Percy.jpg

Percy

Age: 1

Gender: Male

Score: 24

Personality type: Dominance

Favorite Adventure: Protecting my human from goats!

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Our Story

If I had to describe Percy in one sentence, I’d say he’s a very clever sweet hyperactive shy toddler, with the attitude of an overconfident stubborn sassy teenager, and the skills of a brave ninja without any discipline. If that sounds confusing and somewhat contradictory to you, … then you have the correct image of Percy in your mind!

Percy was a three-month-old rescue when I adopted him in late October 2020 as my ESA.
I knew that I wanted to train my cat to be able to walk outdoors on a leash before I even adopted him. One reason for this was that I couldn’t bear the idea to deny my cat the chance to experience nature first-hand. Another reason is that I am currently a PhD student and that my life is for this and other reasons rather chaotic. It was important to me therefore to make sure my cat would be able to be comfortable and happy in different environments and situations, since our lives would be all else but stable. And finally, I love adventuring myself and liked the idea of having a feline adventure companion by my side. – But of course, getting there has been a lot more challenging than expected, and it is still an ongoing process of learning for both Percy and myself.

While Percy has plenty of characteristics that make him perfect for the life of an adventurecat, he has almost equally as many that make adventuring with him quite a challenge. He is very intelligent and energetic, and therefore requires a lot of physical and mental stimulation. Even though I am providing him with every conceivable indoor enrichment, ranging from multiple daily creative play sessions, countless toys, scratchers, and cat trees of all kinds, all sorts of clicker training, access to our cat-proof balcony, and a lot more… he still keeps getting bored all-too-easily. Rather untypically for a cat, he seems to thrive on variety and novelty, while most routines make him lose interest soon. Being able to go outdoors safely, helps to provide him with the exercise he needs, and allows him to satisfy his natural instincts by exploring new environments, investigating intriguing smells, and engaging in “hunting” practices (without actually harming any wildlife).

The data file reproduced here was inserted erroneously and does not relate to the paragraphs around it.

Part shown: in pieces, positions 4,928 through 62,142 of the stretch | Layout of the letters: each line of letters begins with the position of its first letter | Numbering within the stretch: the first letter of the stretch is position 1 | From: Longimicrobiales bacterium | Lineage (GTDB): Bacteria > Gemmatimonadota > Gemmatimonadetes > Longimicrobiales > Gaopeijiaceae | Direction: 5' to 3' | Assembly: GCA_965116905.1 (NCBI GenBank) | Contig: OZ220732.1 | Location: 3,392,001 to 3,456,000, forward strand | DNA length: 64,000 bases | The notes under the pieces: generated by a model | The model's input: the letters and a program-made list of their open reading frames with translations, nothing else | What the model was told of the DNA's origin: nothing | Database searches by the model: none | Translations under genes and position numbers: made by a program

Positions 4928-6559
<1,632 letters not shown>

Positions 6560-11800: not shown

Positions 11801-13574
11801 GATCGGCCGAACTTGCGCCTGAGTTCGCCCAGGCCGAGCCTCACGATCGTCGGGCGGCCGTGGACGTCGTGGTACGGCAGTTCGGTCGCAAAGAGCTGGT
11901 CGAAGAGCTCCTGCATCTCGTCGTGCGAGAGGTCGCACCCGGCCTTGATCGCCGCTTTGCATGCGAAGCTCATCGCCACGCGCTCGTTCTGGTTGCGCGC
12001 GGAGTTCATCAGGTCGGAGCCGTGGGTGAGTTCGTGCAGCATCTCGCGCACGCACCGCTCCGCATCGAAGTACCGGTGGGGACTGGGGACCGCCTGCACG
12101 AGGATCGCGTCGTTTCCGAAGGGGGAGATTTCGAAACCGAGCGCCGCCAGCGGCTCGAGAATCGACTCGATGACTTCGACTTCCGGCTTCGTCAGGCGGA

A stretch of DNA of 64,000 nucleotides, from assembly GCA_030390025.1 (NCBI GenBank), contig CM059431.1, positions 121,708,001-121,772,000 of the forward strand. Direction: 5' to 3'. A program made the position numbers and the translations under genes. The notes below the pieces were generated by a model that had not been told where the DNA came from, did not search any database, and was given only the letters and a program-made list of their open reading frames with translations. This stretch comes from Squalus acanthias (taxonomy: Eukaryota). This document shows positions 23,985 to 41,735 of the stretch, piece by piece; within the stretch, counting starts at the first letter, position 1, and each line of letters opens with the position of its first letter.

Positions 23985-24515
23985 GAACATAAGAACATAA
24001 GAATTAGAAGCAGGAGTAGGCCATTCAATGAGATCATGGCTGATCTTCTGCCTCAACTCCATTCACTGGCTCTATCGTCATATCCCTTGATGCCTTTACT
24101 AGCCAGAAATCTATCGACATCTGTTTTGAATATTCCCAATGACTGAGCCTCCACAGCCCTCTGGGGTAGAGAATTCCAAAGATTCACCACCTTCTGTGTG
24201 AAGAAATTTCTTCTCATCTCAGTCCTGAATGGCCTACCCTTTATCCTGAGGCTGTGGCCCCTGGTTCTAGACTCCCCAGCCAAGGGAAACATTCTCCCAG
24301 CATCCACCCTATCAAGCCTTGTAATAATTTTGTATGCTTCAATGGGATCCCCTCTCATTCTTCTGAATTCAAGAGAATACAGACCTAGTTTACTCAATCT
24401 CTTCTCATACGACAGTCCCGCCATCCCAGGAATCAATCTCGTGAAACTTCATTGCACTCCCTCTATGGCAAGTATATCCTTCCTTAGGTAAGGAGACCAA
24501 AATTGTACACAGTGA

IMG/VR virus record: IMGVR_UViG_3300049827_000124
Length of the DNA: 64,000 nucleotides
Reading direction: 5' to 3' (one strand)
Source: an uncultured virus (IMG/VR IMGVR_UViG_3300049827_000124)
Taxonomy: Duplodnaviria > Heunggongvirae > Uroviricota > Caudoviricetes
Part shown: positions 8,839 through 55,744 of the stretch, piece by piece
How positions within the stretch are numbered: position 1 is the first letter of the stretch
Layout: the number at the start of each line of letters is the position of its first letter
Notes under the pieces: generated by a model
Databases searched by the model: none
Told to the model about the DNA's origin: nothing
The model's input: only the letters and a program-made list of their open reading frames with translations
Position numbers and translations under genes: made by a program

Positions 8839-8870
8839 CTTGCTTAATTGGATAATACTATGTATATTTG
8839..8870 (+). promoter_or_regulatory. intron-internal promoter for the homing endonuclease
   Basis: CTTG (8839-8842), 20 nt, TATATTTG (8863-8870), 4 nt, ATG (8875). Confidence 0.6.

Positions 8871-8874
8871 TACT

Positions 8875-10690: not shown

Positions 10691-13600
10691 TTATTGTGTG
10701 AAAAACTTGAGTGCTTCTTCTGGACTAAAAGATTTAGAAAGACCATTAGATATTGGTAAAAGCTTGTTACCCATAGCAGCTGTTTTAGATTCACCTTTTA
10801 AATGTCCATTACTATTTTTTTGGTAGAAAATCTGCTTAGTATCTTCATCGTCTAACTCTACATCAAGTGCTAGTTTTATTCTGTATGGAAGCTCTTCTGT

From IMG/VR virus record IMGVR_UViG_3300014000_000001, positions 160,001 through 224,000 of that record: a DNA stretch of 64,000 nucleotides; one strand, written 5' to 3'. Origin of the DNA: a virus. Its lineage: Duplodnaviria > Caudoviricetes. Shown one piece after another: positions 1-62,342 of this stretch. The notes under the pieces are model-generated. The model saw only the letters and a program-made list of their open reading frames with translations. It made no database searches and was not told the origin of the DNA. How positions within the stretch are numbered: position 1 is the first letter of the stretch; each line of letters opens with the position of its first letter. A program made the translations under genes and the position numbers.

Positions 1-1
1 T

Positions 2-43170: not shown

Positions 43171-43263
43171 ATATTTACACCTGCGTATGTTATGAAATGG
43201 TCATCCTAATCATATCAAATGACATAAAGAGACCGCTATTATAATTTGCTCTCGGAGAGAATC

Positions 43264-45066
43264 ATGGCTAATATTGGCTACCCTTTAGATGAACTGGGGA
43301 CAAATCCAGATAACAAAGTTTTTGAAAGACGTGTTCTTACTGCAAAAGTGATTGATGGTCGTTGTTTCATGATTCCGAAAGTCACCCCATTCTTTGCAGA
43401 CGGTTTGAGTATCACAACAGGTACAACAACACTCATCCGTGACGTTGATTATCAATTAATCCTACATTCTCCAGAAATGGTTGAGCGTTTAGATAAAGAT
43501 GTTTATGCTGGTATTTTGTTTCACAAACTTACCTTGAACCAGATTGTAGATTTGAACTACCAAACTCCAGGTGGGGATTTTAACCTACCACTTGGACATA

A major challenge, however, is that Percy feels very nervous about strangers. Ironically, meeting new people is not a bit issue; he gets used to people quickly once he realizes they don’t mean to harm him. But he seems to consider all random strangers that he sees walking around outdoors as potential threats who zap his confidence. For many trained adventurecats, a way around an issue like this is being able to retreat to their backpack (or other types of carrier) as their safe space. However, Percy seems to have an innate aversion to being confined in small spaces, which has made backpack training another big challenge. Creating positive associations with the help of treats was easy enough but making him accept and choose it as a safe place when he gets scared is something that we are still working on.


Finally, his level of confidence keeps fluctuating considerably. There are days or even weeks during which he keeps pushing his boundaries or is barely bothered by people walking right past him. And then, without any (to me) apparent reason, he reverts to being a lot more timid for days or weeks at a time.

I wish I could provide him with regular access to quiet places without people. But while we are lucky to have a large yard right behind our apartment complex, we live in a rather busy and unpredictable environment, and I don’t have a car. Our adventures are therefore mostly limited to the areas around our apartment complex, which Percy usually prefers to explore late at night, when it is quiet.


Nonetheless, thanks to my chaotic life, we ended up spending two whole months this summer travelling through parts of the U.S. This included six flights, staying in eight different accommodations, one canoeing adventure, and even a weekend trip together with another adventurecat. What made this not only possible but also ultimately a positive experience, was Percy’s amazing skill to quickly adapt to new environments, the close bond that he has with me, and all the training we have done before. Even though his fear of random strangers continued to be a challenge, he seemed to enjoy having regularly new places to explore, both indoors and outdoors. It was also a great opportunity for me to learn more about him, and for both of us to further strengthen the close bond that we already had.

Despite all the experiences that we have already had, every day is a learning process, and Percy still manages to surprise me on a regular basis. Being an adventurecat pawrent is not simply about training your cat. It is equally as much – if not more – about learning and training yourself to be the best possible pawrent and teacher that you can be for your very unique feline wildchild.